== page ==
Lastly, I could use the fact that I have no real means of transportation here — but, I could use the bus.

So, there ya have it, my three pathetically horrible excuses for why I’ve only hiked once in my time here. But, that’s not what this post is about. This post is about the one time that I actually did hike, and it was one of the best things I’ve done all year.

Zandra, a Minnesotan-settled-down-in-Bad-Aussee, suggested last week that we hike up to Zimitzalm in Grundlsee. I was instantly up for this. An “Alm” is directly translated as “mountain pasture,” but it’s a bit more than that. It’s a flat area used for cattle grazing located between the first ascent and the remaining ascent, which is steeper and has less trees. This pasture area has many wooden huts and only those with farmland have rights to an Almhut, since they are the ones who will drive their cattle up to these pastures in the summer. However, hikers are free to roam the Alm and sit at unoccupied huts to enjoy lunch or a beer.

The Almhut we ate lunch at.

So, we planned to go this past Saturday, the 24th, weather permitting. At 9 am, my phone rang — “Weather looks great! We should be ready to go around 10:45!” I was pumped; the sun was shining, and there was not a cloud in the sky. After much hassle, which involved getting a screaming Leo (Zandra + Tom’s son) into the backpack/baby carrier, we were on our way.

The hike up to the Alm took about an hour altogether and halfway up, there is a waterfall. Since the snow has recently melted/is still melting, there is a lot of water right now. The Zimitzwasserfall is small, but impressive. Rocks litter the river and would make for an easy hop-skip-and-jump to right underneath the falls. Most unfortunately, my camera is still broken and I couldn’t take any photos. Zandra told me her and Tom once swam there, and I, of course, wanted to do it right then, but the water is ice-cold this time of year. … Maybe next time.

A view I didn’t get to see… One can swim right underneath the falls!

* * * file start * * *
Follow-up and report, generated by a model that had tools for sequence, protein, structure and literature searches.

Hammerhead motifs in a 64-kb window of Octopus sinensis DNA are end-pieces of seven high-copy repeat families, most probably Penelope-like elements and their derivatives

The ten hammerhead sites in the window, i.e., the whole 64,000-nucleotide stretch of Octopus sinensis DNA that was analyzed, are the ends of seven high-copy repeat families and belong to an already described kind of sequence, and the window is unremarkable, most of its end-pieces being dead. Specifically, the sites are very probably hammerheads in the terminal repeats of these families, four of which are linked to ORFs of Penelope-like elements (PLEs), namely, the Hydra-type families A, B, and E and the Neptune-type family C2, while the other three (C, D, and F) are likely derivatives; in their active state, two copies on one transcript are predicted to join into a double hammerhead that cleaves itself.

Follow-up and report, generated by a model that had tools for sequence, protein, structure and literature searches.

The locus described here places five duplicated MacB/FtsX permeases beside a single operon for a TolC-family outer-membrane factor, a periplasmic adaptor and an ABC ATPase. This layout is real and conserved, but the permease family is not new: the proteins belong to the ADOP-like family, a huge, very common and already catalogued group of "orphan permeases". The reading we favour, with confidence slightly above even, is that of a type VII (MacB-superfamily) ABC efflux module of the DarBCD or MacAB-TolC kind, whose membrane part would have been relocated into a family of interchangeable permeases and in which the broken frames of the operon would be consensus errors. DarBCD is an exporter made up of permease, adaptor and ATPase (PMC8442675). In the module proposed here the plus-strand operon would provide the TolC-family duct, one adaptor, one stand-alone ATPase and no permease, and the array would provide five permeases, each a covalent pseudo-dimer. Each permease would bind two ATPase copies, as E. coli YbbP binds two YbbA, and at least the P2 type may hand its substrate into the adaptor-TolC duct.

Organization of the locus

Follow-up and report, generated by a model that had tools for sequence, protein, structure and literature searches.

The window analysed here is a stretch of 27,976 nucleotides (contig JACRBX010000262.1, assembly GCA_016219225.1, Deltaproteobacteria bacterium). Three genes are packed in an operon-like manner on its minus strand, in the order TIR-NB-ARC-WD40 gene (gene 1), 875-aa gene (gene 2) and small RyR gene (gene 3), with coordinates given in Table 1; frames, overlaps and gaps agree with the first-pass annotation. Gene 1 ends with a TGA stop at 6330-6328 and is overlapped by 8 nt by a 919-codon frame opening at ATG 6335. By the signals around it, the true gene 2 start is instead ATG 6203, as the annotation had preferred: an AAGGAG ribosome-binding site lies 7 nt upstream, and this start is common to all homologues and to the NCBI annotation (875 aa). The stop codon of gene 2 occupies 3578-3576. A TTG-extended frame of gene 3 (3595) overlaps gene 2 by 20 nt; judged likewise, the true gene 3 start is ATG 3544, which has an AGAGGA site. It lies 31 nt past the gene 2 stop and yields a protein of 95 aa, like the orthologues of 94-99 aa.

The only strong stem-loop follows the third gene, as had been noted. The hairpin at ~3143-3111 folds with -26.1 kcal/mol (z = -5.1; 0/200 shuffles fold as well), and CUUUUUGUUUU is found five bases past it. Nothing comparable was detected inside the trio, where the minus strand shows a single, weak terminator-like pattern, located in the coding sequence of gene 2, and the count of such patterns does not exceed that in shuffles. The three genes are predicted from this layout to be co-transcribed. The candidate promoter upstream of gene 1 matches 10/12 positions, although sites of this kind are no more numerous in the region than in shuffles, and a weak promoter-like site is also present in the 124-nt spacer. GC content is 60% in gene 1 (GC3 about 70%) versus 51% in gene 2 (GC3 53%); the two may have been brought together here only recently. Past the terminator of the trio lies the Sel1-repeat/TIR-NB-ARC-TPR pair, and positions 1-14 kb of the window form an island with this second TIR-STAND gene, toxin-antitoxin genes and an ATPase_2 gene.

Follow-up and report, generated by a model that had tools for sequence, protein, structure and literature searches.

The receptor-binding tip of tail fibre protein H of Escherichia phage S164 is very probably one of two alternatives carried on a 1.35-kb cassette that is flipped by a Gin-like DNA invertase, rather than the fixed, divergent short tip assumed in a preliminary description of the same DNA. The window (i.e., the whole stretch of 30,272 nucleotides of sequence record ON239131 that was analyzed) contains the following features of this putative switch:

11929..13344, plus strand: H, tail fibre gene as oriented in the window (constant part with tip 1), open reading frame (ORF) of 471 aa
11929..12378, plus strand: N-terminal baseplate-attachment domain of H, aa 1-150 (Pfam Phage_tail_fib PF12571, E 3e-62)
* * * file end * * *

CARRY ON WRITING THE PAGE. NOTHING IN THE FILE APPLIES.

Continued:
After the waterfall, the path stays along the river all the way to the Alm. This was the most beautiful part of the hike. The water is shallow and moss-covered rocks lay everywhere. The sounds of rushing, melted glacial water was peaceful and a lovely addition to the crunch of leaves under our feet. Looking to the opposite bank — a rolling incline, trees scattered willy-nilly and leaves covering the ground — I couldn’t help but feel I was marching through the Shire with Frodo.

Then, there was snow in our path. It was slushy and about up to my knees, but most of the time I could manage to not fall through. It surprised me how much snow was still in the mountains, and we weren’t even that high up! But, trudge through the snow we did, and it was worth it. The Alm opened up right in front of us and I could see the remaining ascent ahead of me, as well as the way we came, back down to Grundlsee, behind me. Zandra and Tom told me how they’d both made the climb, many times, to the peaks. I couldn’t help but be jealous. We ate lunch, enjoyed the sun and Leo scurried around the Alm.

The hike back down seemed to take half the time. I was tired, but satisfied, with my first and, so far, only experience with hiking in this region. However, it did make my Heuschnupfen (hay fever) go crazy.

Until next time!